Schools step up security in response to threats on TikTok
Schools in states including Arizona, Connecticut, Illinois, and Montana said Thursday there would be an increased police presence because of the threats.
By CAROLYN THOMPSON | Associated Press
Educators announced plans to increase security in response to TikTok posts warning of shooting and bomb threats at schools around the country Friday as officials assured parents the viral posts were not considered credible.
The social media threats had many educators on edge as they circulated in the aftermath of a deadly school shooting in Michigan, which has been followed by numerous copycat threats to schools elsewhere.
School officials in states including Arizona, Connecticut, Illinois, Montana, New York and Pennsylvania said Thursday there would be an increased police presence because of the threats.
The vague, anonymous posts circulating online warned that multiple schools would receive shooting and bomb threats.
“We are writing to inform you and not alarm you,” Oak Park and River Forest, Illinois, school administrators said in an email to parents. “We have been made aware of a nationwide viral TikTok trend about ‘school shooting and bomb threats for every school in the USA even elementary’ on Friday, December 17.”
The administrators said local police departments would increase their presence around schools “out of an abundance of caution.”
In a statement on Twitter, TikTok said it was working with law enforcement to investigate.
“We handle even rumored threats with utmost seriousness,” the statement said, “which is why we’re working with law enforcement to look into warnings about potential violence at schools even though we have not found evidence of such threats originating or spreading via TikTok.”
At least a few districts announced plans to close school buildings Friday, including Gilroy High School in northern California. Gilroy police said they had found threats on social media not to be credible, but school officials said final exams scheduled for Friday, the last day before winter break, would be postponed to January out of an abundance of caution.
“Making the decision to cancel classes tomorrow has not been an easy one,” Principal Greg Kapaku said in a message to parents.
The posts follow a disturbing trend that has had students acting out in response to social media challenges. In September, students across the U.S. posted videos of themselves vandalizing school bathrooms and stealing soap dispensers as part of the “devious licks” challenge.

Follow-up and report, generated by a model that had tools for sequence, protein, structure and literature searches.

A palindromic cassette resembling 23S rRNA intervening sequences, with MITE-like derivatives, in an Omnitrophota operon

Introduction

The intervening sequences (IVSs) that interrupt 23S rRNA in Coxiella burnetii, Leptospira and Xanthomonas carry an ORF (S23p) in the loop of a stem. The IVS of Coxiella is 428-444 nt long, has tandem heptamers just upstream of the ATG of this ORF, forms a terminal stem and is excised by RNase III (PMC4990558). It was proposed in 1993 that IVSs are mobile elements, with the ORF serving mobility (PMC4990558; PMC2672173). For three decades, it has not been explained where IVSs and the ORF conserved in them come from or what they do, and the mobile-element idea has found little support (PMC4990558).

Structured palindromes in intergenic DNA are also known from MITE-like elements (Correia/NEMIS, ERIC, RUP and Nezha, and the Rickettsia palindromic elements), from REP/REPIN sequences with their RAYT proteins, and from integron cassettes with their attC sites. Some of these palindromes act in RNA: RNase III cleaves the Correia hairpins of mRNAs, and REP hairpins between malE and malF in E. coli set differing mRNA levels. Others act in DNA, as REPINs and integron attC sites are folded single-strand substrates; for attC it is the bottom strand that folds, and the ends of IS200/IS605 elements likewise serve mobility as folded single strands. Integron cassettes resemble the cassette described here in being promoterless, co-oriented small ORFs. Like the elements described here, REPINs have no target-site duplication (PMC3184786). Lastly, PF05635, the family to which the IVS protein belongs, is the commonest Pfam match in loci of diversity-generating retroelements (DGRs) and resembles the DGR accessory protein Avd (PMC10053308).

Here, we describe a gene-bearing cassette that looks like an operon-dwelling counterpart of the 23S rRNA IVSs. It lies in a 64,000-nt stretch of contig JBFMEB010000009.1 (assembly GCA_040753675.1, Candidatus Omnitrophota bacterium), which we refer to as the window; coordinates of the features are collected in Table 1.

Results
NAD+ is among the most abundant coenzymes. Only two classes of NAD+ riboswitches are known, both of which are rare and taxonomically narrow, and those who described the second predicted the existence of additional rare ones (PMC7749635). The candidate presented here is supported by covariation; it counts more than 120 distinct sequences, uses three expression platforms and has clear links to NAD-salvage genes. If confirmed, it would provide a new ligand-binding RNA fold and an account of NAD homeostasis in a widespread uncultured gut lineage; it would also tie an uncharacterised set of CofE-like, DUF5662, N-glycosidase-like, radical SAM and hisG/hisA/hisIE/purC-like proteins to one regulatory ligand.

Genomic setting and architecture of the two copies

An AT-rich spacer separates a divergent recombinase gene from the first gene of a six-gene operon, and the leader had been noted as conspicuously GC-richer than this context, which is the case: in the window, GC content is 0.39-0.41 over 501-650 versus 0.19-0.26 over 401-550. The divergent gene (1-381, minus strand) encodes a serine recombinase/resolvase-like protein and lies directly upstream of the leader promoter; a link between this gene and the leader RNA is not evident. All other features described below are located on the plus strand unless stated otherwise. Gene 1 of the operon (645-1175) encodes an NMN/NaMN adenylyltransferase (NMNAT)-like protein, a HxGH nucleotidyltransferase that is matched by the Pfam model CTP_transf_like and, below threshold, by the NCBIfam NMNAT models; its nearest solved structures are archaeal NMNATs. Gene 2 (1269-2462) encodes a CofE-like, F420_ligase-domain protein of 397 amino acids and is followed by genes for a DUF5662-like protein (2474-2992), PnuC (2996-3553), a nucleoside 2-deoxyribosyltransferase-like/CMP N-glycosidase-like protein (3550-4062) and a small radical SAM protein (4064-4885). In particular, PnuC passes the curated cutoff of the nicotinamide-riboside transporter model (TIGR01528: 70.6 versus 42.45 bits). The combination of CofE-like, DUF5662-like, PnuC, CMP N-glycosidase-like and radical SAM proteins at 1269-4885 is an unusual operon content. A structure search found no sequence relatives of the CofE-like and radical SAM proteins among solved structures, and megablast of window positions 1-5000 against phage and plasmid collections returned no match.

In October, students were challenged to slap a teacher, prompting the National Education Association to call on the leaders of Facebook, Twitter and TikTok to intervene.
The Michigan State Police, among law enforcement agencies responding to the posts, said in a statement Thursday it was unaware of any credible threats.
Internet companies such as TikTok are generally exempt from liability under U.S. law for the material users post on their networks, thanks in large part to the legal “safe harbor” they are given by Section 230 of the 1996 Communications Decency Act.
“It would be unlikely that TikTok would be liable if there were actually to be a shooting,” said Jeff Kosseff, who wrote a book about Section 230 and teaches cybersecurity law at the U.S. Naval Academy. “Even without 230, there are just a lot of barriers against being able to bring a cause of action against the medium on which a threat was posted.”
But Kosseff, who got a warning about the TikTok challenge Thursday from his daughter’s school district in Arlington, Virginia, said that doesn’t mean TikTok can’t do something about it.
“They have a lot of flexibility to be doing the right thing and taking down harmful content. I am hopeful they are doing that,” he said.
The threats outraged educators around the country.
“Whether done as a joke or with malicious intent, it’s unacceptable. We know our school personnel will do everything in their power to keep our students safe,” officials with the Iowa State Education Association, the Iowa Association of School Boards and School Administrators of Iowa said in a joint statement.
Associated Press writer Matt O’Brien contributed from Providence, Rhode Island.
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